Recently, the Kashmir Valley has entered the 5th month of shutdown and curfew with the periodic relaxation. Since July 8, 2016, when a militant leader Burhan Muzaffar Wani was killed, the people of Kashmir have shown unmatchable determination to face the state repression. Constant strikes and protests led by youth have unambiguously demonstrated the public verdict.
Rajmohan Gandhi, a grandson of Mahatma Gandhi and a historian, aptly summarised the Kashmir situation in his recent article: “A de facto plebiscite already seems to have taken place there. Kashmiris appear to have voted with untiring throats, with eyes destroyed or deformed by pellets, and with bodies willing to fall to the ground for what the heart desires. And the vote seems to be for azadi.”
The people of Kashmir rose to the occasion and displayed their resilience by responding to strike calls with unprecedented enthusiasm, which has never been witnessed in recent history. A lot of people have lost their jobs and business during the current phase of upsurge but no public resentment was shown. The young generation is leading from the front and has taken over charge of the streets, not willing to make conciliatory gestures.
The Indian government has declined to take any political initiative to engage Hurriyat leadership or resume dialogue with Pakistan aiming to discuss Kashmir issue. New Delhi hopes that the protests would gradually die down and fatigue would pave the way for normalcy. They think there is no need to depict haste by engaging Hurriyat at this point of time.
Ironically, the Indian media and civil society largely toe the line set by the ultra-nationalist agenda of BJP and hardliners. Those who criticise the state repression or talk about the political engagement are branded pro-Pakistan, some of which had to face sedition charges.
Lamentably, state authorities used oppressive measures as a policy tool to deal with agitation and political demands of the Kashmiris. At least 92 people have been killed, over 13000 injured and nearly 8000 young people have been detained. Around 400 people, including children, have been jailed under the Jammu and Kashmir Public Safety Act. Noted human rights defender, Khurram Pervaiz, was also detained while an English daily, Kashmir Reader, was banned.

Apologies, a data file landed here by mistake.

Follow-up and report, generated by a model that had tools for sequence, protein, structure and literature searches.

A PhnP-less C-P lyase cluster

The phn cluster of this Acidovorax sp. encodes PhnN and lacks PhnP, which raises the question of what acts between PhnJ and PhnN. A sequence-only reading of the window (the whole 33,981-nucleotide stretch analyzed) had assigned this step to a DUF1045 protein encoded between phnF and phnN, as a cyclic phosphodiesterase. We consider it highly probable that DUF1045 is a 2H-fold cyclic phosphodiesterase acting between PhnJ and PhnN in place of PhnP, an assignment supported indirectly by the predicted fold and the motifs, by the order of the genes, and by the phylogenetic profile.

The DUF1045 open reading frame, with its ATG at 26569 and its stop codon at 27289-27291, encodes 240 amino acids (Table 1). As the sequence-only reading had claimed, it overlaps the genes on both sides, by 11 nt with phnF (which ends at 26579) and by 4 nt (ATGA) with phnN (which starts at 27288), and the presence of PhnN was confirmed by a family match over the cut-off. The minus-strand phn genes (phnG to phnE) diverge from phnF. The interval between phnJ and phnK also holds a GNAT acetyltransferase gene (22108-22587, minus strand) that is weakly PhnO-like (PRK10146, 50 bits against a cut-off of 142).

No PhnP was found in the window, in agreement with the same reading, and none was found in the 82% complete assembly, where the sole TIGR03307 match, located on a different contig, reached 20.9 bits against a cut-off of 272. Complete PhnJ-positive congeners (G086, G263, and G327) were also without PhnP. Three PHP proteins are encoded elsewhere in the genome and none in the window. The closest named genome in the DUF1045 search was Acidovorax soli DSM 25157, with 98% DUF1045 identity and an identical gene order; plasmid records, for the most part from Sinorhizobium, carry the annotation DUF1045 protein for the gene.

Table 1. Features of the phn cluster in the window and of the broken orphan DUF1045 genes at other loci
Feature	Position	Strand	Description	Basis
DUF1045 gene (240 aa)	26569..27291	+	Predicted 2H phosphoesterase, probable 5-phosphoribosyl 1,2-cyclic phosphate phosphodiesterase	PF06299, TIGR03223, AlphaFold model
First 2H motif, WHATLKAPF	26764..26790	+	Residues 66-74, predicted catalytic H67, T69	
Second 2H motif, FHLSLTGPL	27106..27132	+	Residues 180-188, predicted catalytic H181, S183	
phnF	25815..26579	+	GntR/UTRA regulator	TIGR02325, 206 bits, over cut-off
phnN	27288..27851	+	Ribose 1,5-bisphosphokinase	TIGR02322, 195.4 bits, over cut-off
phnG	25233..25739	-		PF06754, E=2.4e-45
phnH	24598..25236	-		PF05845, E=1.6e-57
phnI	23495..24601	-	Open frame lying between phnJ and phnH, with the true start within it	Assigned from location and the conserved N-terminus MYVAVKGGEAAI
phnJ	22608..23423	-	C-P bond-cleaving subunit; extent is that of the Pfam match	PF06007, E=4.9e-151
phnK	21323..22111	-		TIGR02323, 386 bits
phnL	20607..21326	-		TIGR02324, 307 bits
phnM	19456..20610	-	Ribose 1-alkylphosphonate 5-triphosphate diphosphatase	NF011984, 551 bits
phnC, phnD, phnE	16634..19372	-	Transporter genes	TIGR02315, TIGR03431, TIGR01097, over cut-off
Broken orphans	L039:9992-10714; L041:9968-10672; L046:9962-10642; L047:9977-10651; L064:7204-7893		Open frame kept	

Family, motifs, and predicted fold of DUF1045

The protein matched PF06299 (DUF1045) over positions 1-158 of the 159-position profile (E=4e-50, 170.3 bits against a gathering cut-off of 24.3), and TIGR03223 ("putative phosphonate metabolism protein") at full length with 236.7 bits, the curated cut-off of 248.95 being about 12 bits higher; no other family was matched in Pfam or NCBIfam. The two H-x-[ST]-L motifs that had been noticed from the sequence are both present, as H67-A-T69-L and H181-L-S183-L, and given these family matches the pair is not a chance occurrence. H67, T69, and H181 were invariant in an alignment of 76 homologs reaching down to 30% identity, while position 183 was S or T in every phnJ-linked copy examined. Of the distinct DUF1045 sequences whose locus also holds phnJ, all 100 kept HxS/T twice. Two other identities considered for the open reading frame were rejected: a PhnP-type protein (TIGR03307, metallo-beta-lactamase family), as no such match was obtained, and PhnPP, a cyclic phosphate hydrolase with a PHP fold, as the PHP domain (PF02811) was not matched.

Internationally, the Kashmir situation is being seen through the prism of national security and economic interests instead of principles of justice and fairness. Surprisingly, the response from the international community on human rights violation has largely been sluggish and shocking. The self-styled human rights champions have also maintained a deafening silence. The sustained shutdown, killings and stone-pelting have so far remained unable to shake the international conscience or Indian public opinion in the favour of Kashmiris.
No evident way forward is in sight yet. The international players such as the United States have not displayed any interest to help India and Pakistan break the current impasse. A sense of disappointment is manifested in the rank and file of the Kashmiri outfits who were expecting international backing to their largely non-violent struggle. A sense is gaining currency that a peaceful and non-violent movement has very less potential to earn international attention or sympathy.